5. Angus Walters sacrificed money, family, and soul trying to preserve the Bluenose. He valued the Bluenose as a monument to a vanishing way of life from the East coast, which he believed had to be preserved for future generations. Discuss with students Angus's failed efforts to preserve the Bluenose. Consider such questions as:
- What did Angus hope to achieve by preserving the Bluenose?
- How did Angus stand to profit from his plan?
- What would Lunenburg, Nova Scotia, and Canada gain by protecting the Bluenose?
- Should governments have supported Angus and the Bluenose? Why, or why not?
- Does it matter that Angus failed, given that a replica was built in the 1960s as a testament to the Bluenose and the age of schooners?
6. The Canadian media frequently debates the merits and demerits of government support of heritage projects. Share potential resources for students to find information pertaining to controversies about heritage preservation in Canada (e.g. newspapers, magazines, Web sites). Direct students to write an editorial that expresses their opinion as formed through their research and their own experiences about funding heritage projects.
7. Organize a formal class debate on the question of funding national heritage projects. A possible resolution is: "Be it resolved that although Canadians should be encouraged to value their heritage, the federal government should not fund projects until it has addressed other more important issues, for example: job creation, health care, debt and deficit reduction, national unity, trade and commerce."
8. Encourage students to select one of the following forms of heritage commemoration and apply the form to Angus:
- Show the Bluenose Heritage Minute. Do you think this Minute captures the story well enough? Discuss its strengths and weaknesses as a glimpse into the history of the Bluenose and the life of Angus Walters. Create your own storyboard for the story of Angus Walters. Compare your minute with the one you watched.
- Most communities have at least one plaque or monument. Take your students and study a few examples. Discuss how they are written and designed. Create a plaque or monument to Angus Walters and/or the Bluenose. Decide which of your plaques or monuments should be selected by The Historic Sites and Monuments Board of Canada.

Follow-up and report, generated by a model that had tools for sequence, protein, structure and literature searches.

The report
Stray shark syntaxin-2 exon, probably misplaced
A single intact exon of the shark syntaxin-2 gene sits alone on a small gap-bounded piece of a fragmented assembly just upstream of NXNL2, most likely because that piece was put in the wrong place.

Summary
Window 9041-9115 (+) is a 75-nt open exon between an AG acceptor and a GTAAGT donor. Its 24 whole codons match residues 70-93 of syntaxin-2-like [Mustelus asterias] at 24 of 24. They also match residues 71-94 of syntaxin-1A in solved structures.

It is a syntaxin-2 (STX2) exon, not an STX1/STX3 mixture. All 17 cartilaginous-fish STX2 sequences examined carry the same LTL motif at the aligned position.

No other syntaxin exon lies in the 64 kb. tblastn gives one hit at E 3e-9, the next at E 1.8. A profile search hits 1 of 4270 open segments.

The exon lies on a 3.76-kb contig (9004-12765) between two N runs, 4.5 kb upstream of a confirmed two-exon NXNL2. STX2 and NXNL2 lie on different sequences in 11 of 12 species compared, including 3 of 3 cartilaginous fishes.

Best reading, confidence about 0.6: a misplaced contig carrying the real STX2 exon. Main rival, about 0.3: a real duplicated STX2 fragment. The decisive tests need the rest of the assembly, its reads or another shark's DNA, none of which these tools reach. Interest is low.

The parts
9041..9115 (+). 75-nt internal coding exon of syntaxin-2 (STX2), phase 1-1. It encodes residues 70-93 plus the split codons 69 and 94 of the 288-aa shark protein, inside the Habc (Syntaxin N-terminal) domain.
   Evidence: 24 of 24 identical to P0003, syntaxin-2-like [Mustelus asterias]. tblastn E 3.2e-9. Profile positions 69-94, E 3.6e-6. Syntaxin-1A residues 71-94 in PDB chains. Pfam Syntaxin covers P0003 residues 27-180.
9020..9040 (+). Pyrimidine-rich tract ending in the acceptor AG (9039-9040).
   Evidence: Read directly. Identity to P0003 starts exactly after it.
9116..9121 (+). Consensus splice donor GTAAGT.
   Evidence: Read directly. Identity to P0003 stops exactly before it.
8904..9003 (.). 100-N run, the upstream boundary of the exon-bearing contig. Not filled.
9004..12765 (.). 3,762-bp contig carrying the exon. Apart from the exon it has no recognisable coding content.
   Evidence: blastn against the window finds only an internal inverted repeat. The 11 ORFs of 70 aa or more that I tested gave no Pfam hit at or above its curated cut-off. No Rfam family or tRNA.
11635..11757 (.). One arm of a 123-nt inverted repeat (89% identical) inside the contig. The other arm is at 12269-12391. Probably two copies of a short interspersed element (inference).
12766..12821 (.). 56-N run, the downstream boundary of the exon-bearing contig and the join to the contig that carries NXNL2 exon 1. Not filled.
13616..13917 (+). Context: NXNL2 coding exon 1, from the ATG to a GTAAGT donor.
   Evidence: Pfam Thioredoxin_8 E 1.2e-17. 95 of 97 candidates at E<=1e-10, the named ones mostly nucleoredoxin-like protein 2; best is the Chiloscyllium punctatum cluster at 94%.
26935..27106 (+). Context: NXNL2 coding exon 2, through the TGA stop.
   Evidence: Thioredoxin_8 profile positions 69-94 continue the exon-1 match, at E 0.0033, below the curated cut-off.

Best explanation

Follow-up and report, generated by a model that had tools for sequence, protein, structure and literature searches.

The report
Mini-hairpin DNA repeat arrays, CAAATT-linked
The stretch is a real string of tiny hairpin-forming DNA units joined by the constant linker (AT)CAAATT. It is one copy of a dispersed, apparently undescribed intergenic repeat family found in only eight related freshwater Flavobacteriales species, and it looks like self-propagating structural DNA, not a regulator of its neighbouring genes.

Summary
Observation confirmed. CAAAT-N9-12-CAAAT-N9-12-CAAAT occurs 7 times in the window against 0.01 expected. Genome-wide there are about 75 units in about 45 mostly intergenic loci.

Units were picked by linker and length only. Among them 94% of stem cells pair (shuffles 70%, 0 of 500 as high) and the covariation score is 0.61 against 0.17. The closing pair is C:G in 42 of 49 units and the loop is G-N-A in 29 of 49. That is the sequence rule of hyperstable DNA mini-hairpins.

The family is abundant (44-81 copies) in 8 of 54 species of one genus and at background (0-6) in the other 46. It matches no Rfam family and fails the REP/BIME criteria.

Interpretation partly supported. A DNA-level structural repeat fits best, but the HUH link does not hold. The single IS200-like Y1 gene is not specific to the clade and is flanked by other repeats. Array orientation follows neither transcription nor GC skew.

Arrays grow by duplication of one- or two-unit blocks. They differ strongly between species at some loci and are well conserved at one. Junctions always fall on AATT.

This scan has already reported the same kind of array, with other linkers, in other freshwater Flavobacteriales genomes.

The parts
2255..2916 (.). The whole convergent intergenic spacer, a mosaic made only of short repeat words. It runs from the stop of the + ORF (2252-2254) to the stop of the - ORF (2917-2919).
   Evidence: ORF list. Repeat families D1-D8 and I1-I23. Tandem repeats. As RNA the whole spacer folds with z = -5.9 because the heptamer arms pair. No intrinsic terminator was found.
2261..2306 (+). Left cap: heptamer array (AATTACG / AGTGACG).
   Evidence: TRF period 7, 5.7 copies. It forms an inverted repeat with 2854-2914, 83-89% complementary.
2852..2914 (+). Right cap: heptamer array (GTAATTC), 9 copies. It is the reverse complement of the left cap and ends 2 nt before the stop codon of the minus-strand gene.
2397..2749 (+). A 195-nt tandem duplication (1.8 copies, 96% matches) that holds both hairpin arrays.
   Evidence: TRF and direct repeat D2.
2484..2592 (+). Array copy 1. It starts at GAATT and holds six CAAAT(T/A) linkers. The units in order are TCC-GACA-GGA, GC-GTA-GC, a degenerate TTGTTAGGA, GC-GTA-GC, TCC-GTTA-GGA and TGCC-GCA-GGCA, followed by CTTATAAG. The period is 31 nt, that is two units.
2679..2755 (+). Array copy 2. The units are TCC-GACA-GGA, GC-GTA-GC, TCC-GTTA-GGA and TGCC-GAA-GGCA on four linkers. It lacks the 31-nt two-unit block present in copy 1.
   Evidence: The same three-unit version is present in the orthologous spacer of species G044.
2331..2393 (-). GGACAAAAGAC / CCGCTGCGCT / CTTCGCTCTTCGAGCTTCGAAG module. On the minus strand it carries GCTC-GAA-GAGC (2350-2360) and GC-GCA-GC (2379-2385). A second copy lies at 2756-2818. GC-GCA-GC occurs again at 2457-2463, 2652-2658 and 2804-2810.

- Create a commemorative stamp of Angus Walters.
- Encourage your students to write and perform their own song about Angus Walters. Listen to Stan Roger'sBluenose and Man With Blue Dolphin for Maritime flavour and a wonderful example.
- Explore the many designs for coins employed in Canada and encourage students to create their own.
Bluenose - The Canadian Encyclopedia
Blue: "I gave her the power to carry sail" - The Canadian Encyclopedia
Backman, Brian. Bluenose. Toronto: McClelland and Stewart, 1975.
Cameron, Silver Donald. Once Upon a Schooner: An offshore voyage in Bluenose II. Halifax, N.S.: Formac, 1992.
Cameron, Silver Donald. Schooner: Bluenose and Bluenose II. Toronto: McClelland and Stewart-Bantam, 1984.
Campbell, Mary P. The Bluenose. Sydney, N.S.: SydneyLiterary Council, 1985.
Darrach, Claude. Race to Fame: The inside story of the Bluenose. Hantsport, N.S.: Lancelot Press, 1985.
Gillespie, Gerald Joseph. Bluenose Skipper. Fredericton: Brunswick Press, 1955.
Higgins, Andrew. World War II Adventures of Canada's Bluenose: The Americans. Newport Beach, Ca.: West Indies Trading Co., 1998.
Langille, Jacqueline. Captain Angus Walters. Tantallon,N.S.: Four East Publications, 1990.
McLaren, R. Keith. Bluenose & Bluenose II. Willowdale,Ont.: Hounslow Press,1981.
Merkel, Andrew. Schooner Bluenose. Toronto: RyersonPress, 1948
Robinson, Ernest Fraser. The Saga of the Bluenose. St. Catharines, Ont.: VanwellPub., 1988.
Roue, Joan. A Spirit Deep Within: Naval architect W. J. Roué and the Bluenose story. Hantsport, N.S.: Lancelot Press, 1995.
Spalding, Jesse. War Years of Canada's Bluenose. NewYork: Vantage Press, 1974.
Ziner, Feenie. Queen of the Grand Banks. Philadelphia: Chilton Book Co., 1970.
The Bluenose, A True Canadian Champion